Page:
Starting in October, under the now rescinded policy, photos in a user’s saved photo albums and OneDrive Gallery would count against their five-gigabyte cloud-based quota. Once the new policy went into effect, users with photos over the limit will no longer be able to save new OneDrive files or receive emails in Microsoft’s free Outlook email service.
When it announced the changes in August, Microsoft said it would give users a one-year free storage bonus to offset the inconvenience, but that didn’t satisfy users.
The backlash over a recent Outlook policy change may also have played a role. In February, Microsoft announced that email attachments and online images would count toward OneDrive’s five-gigabyte limit. Until then, Microsoft account holders were allowed 15GB of storage on their cloud-hosted email, which included attachments and images. Register reports.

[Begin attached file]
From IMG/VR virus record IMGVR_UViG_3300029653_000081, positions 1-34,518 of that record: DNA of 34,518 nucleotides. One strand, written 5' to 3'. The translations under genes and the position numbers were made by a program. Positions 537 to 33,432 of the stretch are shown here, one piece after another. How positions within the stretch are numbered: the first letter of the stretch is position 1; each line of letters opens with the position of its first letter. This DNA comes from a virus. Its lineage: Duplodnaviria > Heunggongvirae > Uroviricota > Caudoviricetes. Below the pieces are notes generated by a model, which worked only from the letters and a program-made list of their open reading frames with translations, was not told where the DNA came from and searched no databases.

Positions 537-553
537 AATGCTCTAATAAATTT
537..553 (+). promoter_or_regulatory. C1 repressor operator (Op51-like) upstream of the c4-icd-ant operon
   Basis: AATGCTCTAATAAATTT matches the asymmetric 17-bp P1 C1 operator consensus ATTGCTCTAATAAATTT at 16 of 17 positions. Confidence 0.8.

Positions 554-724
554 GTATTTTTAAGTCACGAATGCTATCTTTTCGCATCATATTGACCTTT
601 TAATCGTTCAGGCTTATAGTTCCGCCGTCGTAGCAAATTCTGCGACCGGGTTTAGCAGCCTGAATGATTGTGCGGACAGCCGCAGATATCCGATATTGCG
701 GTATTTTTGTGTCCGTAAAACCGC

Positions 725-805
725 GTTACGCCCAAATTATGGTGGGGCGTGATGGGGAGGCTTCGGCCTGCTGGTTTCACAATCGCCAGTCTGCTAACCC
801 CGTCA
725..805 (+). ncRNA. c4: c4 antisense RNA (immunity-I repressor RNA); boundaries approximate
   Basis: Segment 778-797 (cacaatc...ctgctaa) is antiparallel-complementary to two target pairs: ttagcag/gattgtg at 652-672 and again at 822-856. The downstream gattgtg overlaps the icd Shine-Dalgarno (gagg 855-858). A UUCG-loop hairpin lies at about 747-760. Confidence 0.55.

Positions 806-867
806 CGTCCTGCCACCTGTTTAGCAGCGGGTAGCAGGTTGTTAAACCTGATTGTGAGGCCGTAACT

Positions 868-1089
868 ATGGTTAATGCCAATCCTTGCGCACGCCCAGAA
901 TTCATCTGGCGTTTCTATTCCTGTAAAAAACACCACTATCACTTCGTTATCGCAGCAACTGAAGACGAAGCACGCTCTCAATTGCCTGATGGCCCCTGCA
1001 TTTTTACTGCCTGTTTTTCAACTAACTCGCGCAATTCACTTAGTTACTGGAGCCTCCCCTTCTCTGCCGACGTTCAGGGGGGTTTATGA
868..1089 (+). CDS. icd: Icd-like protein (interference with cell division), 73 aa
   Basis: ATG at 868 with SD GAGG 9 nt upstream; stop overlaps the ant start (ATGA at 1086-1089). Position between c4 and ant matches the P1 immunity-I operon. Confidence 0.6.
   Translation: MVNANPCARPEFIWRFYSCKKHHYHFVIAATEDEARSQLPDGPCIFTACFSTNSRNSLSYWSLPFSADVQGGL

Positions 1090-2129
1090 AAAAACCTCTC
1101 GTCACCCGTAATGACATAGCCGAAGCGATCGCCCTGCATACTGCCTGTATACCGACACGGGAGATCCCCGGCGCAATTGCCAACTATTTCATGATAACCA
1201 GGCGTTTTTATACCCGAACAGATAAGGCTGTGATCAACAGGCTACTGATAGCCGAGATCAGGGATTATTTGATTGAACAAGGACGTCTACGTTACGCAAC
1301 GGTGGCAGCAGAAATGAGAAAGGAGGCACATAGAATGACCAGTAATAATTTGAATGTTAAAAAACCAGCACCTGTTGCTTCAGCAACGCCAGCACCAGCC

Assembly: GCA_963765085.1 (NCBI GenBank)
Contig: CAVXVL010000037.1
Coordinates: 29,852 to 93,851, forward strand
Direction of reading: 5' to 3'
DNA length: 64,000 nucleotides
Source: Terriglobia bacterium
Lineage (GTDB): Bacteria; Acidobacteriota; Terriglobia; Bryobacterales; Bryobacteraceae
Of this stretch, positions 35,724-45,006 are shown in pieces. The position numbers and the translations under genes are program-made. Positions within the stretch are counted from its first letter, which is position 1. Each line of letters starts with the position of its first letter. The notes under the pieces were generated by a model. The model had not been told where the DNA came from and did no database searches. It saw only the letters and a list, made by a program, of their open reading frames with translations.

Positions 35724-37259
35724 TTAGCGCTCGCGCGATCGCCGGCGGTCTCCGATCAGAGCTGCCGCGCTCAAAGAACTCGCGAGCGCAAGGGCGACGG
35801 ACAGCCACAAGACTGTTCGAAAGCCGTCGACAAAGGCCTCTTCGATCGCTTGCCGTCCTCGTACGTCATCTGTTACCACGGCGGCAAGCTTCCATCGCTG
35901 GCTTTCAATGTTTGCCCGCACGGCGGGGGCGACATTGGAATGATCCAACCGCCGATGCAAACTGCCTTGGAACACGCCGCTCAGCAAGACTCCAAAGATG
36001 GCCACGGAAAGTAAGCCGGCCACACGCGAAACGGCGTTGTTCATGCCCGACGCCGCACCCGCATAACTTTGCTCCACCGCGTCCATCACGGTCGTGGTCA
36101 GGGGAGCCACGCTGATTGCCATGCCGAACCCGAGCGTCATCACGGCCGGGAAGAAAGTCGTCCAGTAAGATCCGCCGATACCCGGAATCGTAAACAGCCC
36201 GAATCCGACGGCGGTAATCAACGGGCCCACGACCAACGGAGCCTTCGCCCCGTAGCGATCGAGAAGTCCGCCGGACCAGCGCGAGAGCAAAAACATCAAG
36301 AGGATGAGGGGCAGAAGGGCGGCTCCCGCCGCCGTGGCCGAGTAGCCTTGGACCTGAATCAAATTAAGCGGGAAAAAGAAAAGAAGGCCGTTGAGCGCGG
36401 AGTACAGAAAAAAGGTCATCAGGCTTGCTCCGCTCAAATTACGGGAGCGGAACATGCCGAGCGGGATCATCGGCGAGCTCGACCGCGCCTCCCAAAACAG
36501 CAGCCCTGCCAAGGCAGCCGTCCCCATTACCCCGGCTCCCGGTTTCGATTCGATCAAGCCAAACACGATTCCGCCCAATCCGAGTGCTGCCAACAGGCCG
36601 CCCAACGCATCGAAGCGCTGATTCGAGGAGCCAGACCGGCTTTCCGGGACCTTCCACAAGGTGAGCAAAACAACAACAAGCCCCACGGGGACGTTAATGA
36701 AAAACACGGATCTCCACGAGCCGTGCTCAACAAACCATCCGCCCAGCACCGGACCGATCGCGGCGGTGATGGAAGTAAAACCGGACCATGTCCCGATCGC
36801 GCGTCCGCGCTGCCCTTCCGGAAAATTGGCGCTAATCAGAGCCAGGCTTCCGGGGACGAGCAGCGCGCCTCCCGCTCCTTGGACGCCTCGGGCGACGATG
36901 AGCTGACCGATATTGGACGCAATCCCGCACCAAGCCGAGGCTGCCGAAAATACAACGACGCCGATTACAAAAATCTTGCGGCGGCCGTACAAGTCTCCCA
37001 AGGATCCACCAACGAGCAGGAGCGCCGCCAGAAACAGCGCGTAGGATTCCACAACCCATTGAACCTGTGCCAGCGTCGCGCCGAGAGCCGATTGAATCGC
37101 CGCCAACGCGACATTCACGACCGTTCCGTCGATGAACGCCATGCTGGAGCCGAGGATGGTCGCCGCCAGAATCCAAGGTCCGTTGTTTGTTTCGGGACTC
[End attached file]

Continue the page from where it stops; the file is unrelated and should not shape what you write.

As a result, many users She complained They could no longer send or receive emails.
“No one deletes attachments every time they receive an email. This is like blackmail,” said one Microsoft user. said Register in April, when the update began rolling out to more users. “MS forces us to buy a subscription through the back door or have to delete emails with attachments on a regular basis ad infinitum.”
The move may have forced Outlook users to migrate to rivals like Gmail, which still offered a 15GB storage limit. Perhaps by backtracking on photo storage limits, Microsoft could be trying to avoid inadvertently giving Google more customers.